2012 Annual Report
1a.Objectives (from AD-416):
Ensure pest-free security and food safety of walnuts in postharvest marketing channels via the development of efficient, economical, and environmentally benign chemical treatments. Evaluate ovicides, such as propylene oxide, to use in concert with sulfuryl flouride fumigations.
1b.Approach (from AD-416):
Phase 1. The LD 50 of sulfuryl fluoride has already been determined in our lab at 60 - 80 F for the eggs of the following target species: navel orangeworm, coddling moth, and dried fruit beetle. Using these mortalities as benchmark indices, we will quantify how mortality changes as a function of increasing the molar proportion of ovicide to sulfuryl fluoride over the range: 1:100, 1:10, 1:1, and 10:1. Propylene oxide will be the first ovicide examined.
Phase 2. To facilitate the detection of biomolecular conjugates, mass-labeled propylene oxide will be synthesized via the method of Beckman. The mass-labeled PPO will then be used to fumigate inshell walnuts; a mass balance will be generated. Mass-labeled residues that are likely to be formed during walnut fumigations will be characterized in studies on surrogate biomolecules such as: oleic acid, bovine serum albumen, and glutathione.
Phase 3. Using core microscopy facilities at SJVASC, we will comparatively evaluate the egg physiology of stored product insect pests including, dried fruit beetle, codling moth, indianmeal moth, and navel orangeworm. We will then expose eggs to fumigants and ovicides to observe any physiological change that results. Once mechanistic details are gathered, we will tailor chemical and physical approaches to exploit weakness in egg shells. Approaches will only be explored that are amenable to existing infrastructure of the walnut industry.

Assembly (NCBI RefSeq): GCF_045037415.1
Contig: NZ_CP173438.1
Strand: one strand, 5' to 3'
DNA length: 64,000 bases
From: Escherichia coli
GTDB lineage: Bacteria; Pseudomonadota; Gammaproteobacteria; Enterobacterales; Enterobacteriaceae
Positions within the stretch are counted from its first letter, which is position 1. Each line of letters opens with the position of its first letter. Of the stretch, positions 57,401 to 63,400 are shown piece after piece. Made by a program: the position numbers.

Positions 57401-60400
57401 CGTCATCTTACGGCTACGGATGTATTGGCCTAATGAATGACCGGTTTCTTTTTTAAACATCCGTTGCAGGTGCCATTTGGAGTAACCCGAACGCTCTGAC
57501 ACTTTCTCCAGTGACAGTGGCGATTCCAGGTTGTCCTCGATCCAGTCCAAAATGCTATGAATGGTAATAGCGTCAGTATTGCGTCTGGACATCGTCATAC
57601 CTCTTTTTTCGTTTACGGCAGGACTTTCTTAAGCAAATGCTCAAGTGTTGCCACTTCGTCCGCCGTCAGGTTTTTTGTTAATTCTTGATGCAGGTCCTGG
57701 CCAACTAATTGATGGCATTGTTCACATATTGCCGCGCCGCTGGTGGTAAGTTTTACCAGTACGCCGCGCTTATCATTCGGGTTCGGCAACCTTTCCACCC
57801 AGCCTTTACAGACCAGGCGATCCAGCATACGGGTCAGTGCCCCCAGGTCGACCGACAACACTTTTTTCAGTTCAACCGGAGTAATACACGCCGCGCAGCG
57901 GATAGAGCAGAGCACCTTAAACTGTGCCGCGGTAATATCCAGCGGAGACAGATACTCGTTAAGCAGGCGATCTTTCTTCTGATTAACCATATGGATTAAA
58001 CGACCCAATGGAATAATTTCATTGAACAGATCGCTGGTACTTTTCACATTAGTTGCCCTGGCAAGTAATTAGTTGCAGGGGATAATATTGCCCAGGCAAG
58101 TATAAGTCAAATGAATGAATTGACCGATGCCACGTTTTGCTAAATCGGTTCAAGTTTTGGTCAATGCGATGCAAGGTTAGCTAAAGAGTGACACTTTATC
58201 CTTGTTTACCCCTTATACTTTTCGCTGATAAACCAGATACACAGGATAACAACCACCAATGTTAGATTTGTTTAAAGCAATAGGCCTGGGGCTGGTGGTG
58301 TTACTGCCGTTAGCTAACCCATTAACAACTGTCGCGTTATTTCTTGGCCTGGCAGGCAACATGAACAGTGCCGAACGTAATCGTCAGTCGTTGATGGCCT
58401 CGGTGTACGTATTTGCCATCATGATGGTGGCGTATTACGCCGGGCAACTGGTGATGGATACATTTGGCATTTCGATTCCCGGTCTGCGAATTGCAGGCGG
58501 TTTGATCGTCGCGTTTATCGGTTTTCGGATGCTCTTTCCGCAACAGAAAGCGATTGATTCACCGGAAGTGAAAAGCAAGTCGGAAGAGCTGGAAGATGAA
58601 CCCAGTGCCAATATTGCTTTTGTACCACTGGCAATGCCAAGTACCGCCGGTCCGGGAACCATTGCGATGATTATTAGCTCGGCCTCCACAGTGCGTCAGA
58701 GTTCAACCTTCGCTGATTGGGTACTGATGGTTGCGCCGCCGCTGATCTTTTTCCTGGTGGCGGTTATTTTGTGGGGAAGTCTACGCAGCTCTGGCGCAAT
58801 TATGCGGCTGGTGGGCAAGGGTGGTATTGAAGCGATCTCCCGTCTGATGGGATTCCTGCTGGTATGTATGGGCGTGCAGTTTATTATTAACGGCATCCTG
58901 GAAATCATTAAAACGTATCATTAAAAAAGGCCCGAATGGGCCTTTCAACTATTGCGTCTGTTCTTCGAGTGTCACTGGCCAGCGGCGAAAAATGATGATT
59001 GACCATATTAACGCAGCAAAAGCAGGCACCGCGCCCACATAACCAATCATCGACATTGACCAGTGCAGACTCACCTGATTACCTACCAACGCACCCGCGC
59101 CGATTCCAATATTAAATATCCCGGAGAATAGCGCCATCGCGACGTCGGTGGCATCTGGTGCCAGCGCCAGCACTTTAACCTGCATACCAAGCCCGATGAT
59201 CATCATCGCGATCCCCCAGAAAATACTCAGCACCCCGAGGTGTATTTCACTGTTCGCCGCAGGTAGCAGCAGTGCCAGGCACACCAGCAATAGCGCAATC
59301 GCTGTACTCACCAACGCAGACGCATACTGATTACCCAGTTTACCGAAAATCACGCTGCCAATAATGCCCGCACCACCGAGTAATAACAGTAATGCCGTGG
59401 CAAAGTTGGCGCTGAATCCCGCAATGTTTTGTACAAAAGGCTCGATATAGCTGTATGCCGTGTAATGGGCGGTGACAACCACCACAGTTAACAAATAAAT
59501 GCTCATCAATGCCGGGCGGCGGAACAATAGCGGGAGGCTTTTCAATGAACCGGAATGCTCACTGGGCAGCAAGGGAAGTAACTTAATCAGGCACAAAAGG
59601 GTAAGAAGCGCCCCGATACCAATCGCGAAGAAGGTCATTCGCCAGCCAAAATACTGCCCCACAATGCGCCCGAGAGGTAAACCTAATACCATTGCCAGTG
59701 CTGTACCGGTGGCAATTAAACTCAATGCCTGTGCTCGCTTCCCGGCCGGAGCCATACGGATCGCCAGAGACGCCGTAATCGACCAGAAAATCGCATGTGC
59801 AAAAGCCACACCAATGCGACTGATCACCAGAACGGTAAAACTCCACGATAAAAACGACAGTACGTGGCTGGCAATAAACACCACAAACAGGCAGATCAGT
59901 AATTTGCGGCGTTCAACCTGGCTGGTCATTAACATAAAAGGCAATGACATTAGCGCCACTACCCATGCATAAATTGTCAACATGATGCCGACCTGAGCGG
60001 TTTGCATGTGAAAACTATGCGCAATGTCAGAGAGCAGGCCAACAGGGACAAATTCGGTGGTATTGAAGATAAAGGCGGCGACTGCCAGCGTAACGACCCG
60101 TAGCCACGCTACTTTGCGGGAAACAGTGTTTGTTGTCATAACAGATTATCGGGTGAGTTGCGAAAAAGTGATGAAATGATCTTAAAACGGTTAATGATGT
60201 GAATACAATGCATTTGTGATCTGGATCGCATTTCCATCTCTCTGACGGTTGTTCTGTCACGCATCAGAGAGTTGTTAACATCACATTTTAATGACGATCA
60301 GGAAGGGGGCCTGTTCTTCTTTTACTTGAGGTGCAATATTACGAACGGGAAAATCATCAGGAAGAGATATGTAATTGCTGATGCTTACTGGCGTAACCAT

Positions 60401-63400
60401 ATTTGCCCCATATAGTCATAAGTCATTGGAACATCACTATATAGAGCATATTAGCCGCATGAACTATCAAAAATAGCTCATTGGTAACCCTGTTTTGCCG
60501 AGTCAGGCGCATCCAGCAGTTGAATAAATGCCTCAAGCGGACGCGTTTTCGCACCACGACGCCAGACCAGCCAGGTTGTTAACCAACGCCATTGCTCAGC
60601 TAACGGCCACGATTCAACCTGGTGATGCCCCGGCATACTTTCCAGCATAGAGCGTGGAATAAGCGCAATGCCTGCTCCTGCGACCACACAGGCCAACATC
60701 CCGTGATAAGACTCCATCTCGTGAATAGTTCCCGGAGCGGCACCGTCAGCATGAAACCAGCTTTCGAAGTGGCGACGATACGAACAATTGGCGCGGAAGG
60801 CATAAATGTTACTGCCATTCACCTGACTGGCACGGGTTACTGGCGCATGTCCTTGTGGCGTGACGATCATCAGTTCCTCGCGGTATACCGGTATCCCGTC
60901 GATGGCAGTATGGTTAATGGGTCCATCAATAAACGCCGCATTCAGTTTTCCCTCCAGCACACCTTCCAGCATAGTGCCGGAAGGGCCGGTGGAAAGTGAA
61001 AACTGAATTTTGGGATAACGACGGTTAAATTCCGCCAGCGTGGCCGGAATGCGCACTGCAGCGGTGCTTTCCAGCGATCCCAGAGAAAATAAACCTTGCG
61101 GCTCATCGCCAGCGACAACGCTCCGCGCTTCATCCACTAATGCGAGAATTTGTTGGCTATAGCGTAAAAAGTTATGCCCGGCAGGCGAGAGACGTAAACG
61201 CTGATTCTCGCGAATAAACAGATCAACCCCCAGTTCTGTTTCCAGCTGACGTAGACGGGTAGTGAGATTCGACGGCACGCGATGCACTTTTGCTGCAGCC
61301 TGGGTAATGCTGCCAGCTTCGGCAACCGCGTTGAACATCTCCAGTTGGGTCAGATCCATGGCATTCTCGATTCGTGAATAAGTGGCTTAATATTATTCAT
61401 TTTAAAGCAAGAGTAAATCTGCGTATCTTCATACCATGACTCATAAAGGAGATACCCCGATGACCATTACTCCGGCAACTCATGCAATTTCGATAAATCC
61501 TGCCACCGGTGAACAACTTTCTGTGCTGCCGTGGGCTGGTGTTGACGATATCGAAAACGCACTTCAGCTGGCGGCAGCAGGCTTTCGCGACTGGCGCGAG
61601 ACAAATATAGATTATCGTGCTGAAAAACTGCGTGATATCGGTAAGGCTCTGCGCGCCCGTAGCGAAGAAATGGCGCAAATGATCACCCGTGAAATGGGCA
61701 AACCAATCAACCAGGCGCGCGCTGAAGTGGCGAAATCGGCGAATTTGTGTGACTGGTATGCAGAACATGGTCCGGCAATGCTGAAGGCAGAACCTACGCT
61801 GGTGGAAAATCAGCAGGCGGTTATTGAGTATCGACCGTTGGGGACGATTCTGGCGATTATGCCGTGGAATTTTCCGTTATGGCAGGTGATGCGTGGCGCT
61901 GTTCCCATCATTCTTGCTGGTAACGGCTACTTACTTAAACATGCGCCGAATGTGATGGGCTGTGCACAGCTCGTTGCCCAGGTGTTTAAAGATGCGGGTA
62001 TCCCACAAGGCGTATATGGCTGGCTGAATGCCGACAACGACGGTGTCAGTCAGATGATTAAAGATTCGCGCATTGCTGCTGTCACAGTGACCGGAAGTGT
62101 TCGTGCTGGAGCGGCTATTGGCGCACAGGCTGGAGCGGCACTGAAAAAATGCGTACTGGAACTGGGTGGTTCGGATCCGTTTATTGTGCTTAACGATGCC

This Assistance Type Cooperative Agreement was established to support objective 1 of the in-house project and is related to finding methyl bromide alternatives for postharvest applications. Dried fruit beetle (DFB; Carpophilus hemipterus) and navel orange worm (NOW; Amyelois transitella) are endemic to California (CA) and are key economic pests of the dried fruit and nut industry. External morphology of DFB and NOW eggs was studied using scanning electron microscope, which identified key structural differences that explain the relative tolerance of eggs of both species to sulfuryl fluoride. We found that at most a pair of aeropyles, which enable gaseous exchange by living embryo, are present in DFB eggs. In contrast, aeropyles are numerous in NOW eggs. The micropyle, an opening for sperm entry that also facilitates gaseous exchange, is absent in DFB and present in NOW. We are currently testing the hypothesis that rate of fumigant penetration through the egg surface is related to diffusion through aeropyles and/or a micropyle. We also found that DFB eggs have a smoother surface than the navel orange worm, which has a sculptured surface.